In short, the story of conservative economics these past six years and more has been one of intellectual debacle – made worse by the striking inability of many on the right to admit error under any circumstances.
Then there’s health reform, where Republicans were very clear about what was supposed to happen: minimal enrollments, more people losing insurance than gaining it, soaring costs. Reality, so far, has begged to differ, delivering above-predicted sign-ups, a sharp drop in the number of Americans without health insurance, premiums well below expectations, and a sharp slowdown in overall health spending.
The country wasn’t ruined, but they did what they did, and rode that to triumph in the midterms:
The biggest secret of the Republican triumph surely lies in the discovery that obstructionism bordering on sabotage is a winning political strategy. From Day One of the Obama administration, Mr. McConnell and his colleagues have done everything they could to undermine effective policy, in particular blocking every effort to do the obvious thing – boost infrastructure spending – in a time of low interest rates and high unemployment.
This was, it turned out, bad for America but good for Republicans. Most voters don’t know much about policy details, nor do they understand the legislative process. So all they saw was that the man in the White House wasn’t delivering prosperity – and they punished his party.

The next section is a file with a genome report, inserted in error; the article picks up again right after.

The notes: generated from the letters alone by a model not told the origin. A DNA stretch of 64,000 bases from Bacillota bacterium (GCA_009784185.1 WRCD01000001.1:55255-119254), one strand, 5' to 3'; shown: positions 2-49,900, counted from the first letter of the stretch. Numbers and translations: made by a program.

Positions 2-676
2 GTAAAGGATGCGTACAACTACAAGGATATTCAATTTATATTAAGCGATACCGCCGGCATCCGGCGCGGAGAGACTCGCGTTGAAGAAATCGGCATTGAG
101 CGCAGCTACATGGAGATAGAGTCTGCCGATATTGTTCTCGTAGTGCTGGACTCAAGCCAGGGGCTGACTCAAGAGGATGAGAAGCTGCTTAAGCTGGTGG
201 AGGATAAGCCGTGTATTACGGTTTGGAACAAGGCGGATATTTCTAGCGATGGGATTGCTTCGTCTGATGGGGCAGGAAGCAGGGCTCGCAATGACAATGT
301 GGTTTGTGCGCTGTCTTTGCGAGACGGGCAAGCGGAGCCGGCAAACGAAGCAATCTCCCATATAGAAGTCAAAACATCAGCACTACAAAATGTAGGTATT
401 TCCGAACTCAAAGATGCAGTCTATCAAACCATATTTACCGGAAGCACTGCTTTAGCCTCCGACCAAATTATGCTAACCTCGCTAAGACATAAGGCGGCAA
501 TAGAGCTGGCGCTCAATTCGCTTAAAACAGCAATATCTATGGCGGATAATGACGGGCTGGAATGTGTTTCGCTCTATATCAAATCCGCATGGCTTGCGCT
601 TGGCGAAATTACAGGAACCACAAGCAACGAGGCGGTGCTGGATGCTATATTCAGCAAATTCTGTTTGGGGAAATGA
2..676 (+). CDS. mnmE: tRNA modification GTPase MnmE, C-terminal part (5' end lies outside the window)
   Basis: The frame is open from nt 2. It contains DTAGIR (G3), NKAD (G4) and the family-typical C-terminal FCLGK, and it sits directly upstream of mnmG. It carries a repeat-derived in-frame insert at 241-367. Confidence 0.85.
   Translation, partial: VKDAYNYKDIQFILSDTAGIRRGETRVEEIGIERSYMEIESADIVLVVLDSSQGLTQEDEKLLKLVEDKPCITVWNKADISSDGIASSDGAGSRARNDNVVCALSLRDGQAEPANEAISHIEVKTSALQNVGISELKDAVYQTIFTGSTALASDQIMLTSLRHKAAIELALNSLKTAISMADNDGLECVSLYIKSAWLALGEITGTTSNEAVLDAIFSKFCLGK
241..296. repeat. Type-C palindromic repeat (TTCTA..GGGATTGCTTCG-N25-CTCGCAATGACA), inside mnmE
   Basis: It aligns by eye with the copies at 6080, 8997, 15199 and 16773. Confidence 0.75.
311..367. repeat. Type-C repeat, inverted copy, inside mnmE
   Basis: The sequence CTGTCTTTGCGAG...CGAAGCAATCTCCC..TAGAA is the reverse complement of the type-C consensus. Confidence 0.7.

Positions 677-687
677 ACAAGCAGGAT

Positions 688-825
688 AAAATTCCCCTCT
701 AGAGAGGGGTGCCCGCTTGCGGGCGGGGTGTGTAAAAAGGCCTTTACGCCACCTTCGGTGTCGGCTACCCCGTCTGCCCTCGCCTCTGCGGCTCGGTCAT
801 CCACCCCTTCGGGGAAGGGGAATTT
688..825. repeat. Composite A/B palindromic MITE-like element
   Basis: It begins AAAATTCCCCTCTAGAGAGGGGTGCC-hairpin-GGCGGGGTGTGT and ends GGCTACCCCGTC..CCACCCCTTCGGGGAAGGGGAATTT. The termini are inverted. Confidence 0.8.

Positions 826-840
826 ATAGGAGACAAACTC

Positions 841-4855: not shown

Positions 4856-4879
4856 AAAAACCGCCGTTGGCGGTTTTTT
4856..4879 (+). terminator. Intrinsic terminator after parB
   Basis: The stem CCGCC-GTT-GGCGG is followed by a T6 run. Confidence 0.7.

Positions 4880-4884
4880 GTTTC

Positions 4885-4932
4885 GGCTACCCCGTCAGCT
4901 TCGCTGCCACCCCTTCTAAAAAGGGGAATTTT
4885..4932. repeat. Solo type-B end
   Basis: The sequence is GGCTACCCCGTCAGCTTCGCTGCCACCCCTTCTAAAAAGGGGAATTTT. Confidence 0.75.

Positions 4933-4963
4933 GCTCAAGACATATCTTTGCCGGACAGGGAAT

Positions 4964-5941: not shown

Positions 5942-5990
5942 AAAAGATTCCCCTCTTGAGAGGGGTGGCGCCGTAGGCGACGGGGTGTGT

And now, because of four misplaced words, that party has messed up your health insurance too. It’s gone.
On the other hand, that’s good for you. Ed Kilgore explains that way of thinking:
One of the hardiest of conservative memes over the last few decades has been about the moral hazard created by The Welfare State: Helping people who are poor or sick may have some social benefits, but they are far outweighed by the dangers of rewarding personal irresponsibility, you see. People – and sadly, their children – need to suffer visibly and painfully for their failure to achieve success in this, the greatest country in the history of the world, where anyone with some initiative and persistence can do well. Then they’ll shape up or perish, and others will be warned.
This has always been more than a little self-serving for those who thereby celebrate their own righteousness, while often confusing privilege and luck with virtue. But I do see their point a bit better today in thinking about the moral hazard created by the Republican midterm victory of 2014.
That would be this:
You’d better believe that if Republicans are ever in the position Democrats were in when McConnell and company decided on this scorched-earth strategy, this lesson of 2014 will be remembered – because after all, personal irresponsibility was rewarded.
They were and are responsible for the needless misery of millions of people, and that’s personal responsibility too. It’s the fault of each of those people in dire straits and not their fault? We’ll see about that, if they successfully use a minor typo to prove that only the right sort of people should have health insurance.